The trauma of Delhi riots: Women and children still await relief from Kejriwal government
Hundreds of Muslim families might have taken refuge at safer locations, but the challenge now is the availability of food, medicines, doctors even basics such as washrooms and toilets. Women and children are in need of immediate medical care but can't step out, because of immense fear and curfew.
Sixteen-month-old Samaira needed immediate medical help. The toddler was suffering from an acute stomach illness and continuous vomiting. Her mother Farhaat Parveen, 25, kept calling the ambulance. But to no avail. Stepping out was out of the question for two reasons – the threat to life and no money to afford private medical care.
Samaira and her family have taken refuge in North East Delhi’s Chandu Nagar locality. The family home was torched in the Delhi riots. Samaira is not alone. Hundreds of children and women are living in small rooms as refugees or migrants in Chandu Nagar. For them, ever since February 25, this locality has proved to be the only safe refuge.
Back in 2013, Western Uttar Pradesh stood witness to one of the bloodiest communal riots in its history. The Muslim side had paid the highest cost, of targeted communal attacks. The Akhilesh Yadav-led state government was criticised for its failure to contain the riots. However, soon after peace was restored, the Samajwadi Party government had set-up relief camps.
The camps, in the initial days, provided the victim families with roofs over their heads, a sense of safety, an adequate supply of food materials and medical assistance. The UP government had faced criticism from the media, civil society and political quarters for failing to provide the best of relief services to the riot-affected families.
Compare this with the riots we’re seeing now.
In Delhi, the riots last week happened right under the nose of the Bharatiya Janata Party (BJP) led Central government and the Aam Aadmi Party (AAP) led Delhi government.
Delhi Chief Minister Arvind Kejriwal, once known as the arch-rival of Prime Minister Narendra Modi, remained inactive while the riots were intensifying. He later shifted the goal post by seeking an army intervention to contain the Delhi riots.
The Kejriwal government seems to have turned a blind eye towards its own responsibilities.
The Delhi Government has converted 11 of its night shelters into relief camps. But civil society members are questioning the location of these camps and have raised concerns about safety of these camps. Rights' activist Harsh Mander has expressed "deep dismay" with the Delhi govt for "refusing to set up large relief camps."
According to him, "homeless shelters are no substitute: they offer neither the safety nor dignity which people battered and terrorized by communal hate require from a caring state."
Meanwhile, riot victims such as Shafina Khatoon are looking for relief camps in the areas where they have taken refuge and want security deployment for such camps. She says it is the only way to give a sense of security and safety to them.
Seven cramped rooms of this four-floor building in Chandu Nagar have turned into a refugee shelter. Each room here is hosting ten women and children. The hall or the entrance to the house in the ground is doubling - or tripling - up asthe night stay shelter and dining space for men, and a common area where women and children spend their days. On Friday, the women and children were able to take their first baths, ever since they had to run away from their homes after the communal riots struck different parts of North East Delhi. They don’t have clothes to wear. No medicines to offer to their sick, elderly and children. No money to acquire the essentials. And no safety to step out of the colony.
This building is owned by relatives of Mustari Khatoon and Mohammad Hakim. They have rented the home from these relatives, and live here as tenants. When death was knocking at the doors of women and children in the nearby localities, Khatoon had risked her life to save them. “The police was not allowing us to leave the lanes in Khajuri. I told them I will leave only when all women and children are given safe passage. The forces helped us to return to Chandu Nagar,” she said.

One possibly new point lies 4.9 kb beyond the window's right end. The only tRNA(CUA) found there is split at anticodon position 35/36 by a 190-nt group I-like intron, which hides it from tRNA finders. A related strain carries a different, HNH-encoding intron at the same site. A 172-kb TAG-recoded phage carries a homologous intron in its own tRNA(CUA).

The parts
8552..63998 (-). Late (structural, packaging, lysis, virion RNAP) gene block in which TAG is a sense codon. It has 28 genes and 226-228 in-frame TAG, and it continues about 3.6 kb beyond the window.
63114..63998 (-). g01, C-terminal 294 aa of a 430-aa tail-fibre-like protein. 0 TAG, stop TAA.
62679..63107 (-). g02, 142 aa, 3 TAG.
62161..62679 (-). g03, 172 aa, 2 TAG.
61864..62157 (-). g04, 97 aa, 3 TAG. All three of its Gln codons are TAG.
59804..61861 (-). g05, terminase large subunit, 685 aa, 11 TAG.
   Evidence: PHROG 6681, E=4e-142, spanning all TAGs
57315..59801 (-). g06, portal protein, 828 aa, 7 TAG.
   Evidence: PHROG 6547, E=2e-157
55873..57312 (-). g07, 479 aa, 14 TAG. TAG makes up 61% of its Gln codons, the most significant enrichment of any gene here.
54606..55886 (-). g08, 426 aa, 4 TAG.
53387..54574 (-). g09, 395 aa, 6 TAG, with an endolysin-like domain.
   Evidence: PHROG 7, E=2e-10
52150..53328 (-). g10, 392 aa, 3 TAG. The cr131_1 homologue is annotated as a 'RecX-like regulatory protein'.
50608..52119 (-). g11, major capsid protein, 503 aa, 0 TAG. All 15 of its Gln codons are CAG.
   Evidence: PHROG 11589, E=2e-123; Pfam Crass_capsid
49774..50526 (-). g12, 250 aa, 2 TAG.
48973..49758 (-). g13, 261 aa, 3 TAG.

On Tuesday, communal violence had peaked in Sherpur, Chand Bagh and Khajuri Khas Extension. Muslim households were being marked and set on fire; with an intention to burn them alive inside. The rioters from the other camp were targeting Hindu households in certain pockets where adjoining neighbourhoods were dominated by Muslims. The rioting and ruckus continued as Delhi Police tried to restore peace.
Mohammad Hakim and his wife have opened their house to the victims from their community. But their financial strength is not strong enough to provide these families with anything else. “Whatever ration we had at home got over in two days. Now, for food, we are dependent on whatever rations come from outside as help,” Khatoon told Asaiville. The kitchen too is not equipped to provide food for such large numbers.
The building used to house four families on four floors including that of Hakim and his wife. Now it houses nearly 70 people. This means there is an endless struggle even to access basic facilities such as washrooms and toilets.
Hasrat-ul-Begum, 38, a resident of Khajuri Khas extension, said she kept calling the women’s helpline number but to no avail. They had to run for their lives when the fire reached their houses. “Our houses were set on fire while we were still inside. I climbed onto the terrace and ran away with our children,” she said. This meant they didn’t even have enough time to carry their valuables, cash or even clothes. Many of these families have gone back to their homes to try their luck. But structures which used to be their homes have been reduced to debris and everything has been either gutted or ransacked.
It was for the Friday prayers that the locals arranged clothes for the riot-affected families. Begum said, “we bathed and changed clothes for the first time since Tuesday. The colony people have provided us with clothes for the Friday prayers.”
On the lanes of Chandu Bagh, children could be spotted searching for the right piece of clothes. Here we met five-year-old Saina. Before the riots, she had her own home, books and clothes. Now she was standing in the middle of a heap of used clothes. “I have found one shirt for my father and kurti for my sister,” Saina said. When asked whether she has found anything for herself, she replied, “I am here for my sister and father.”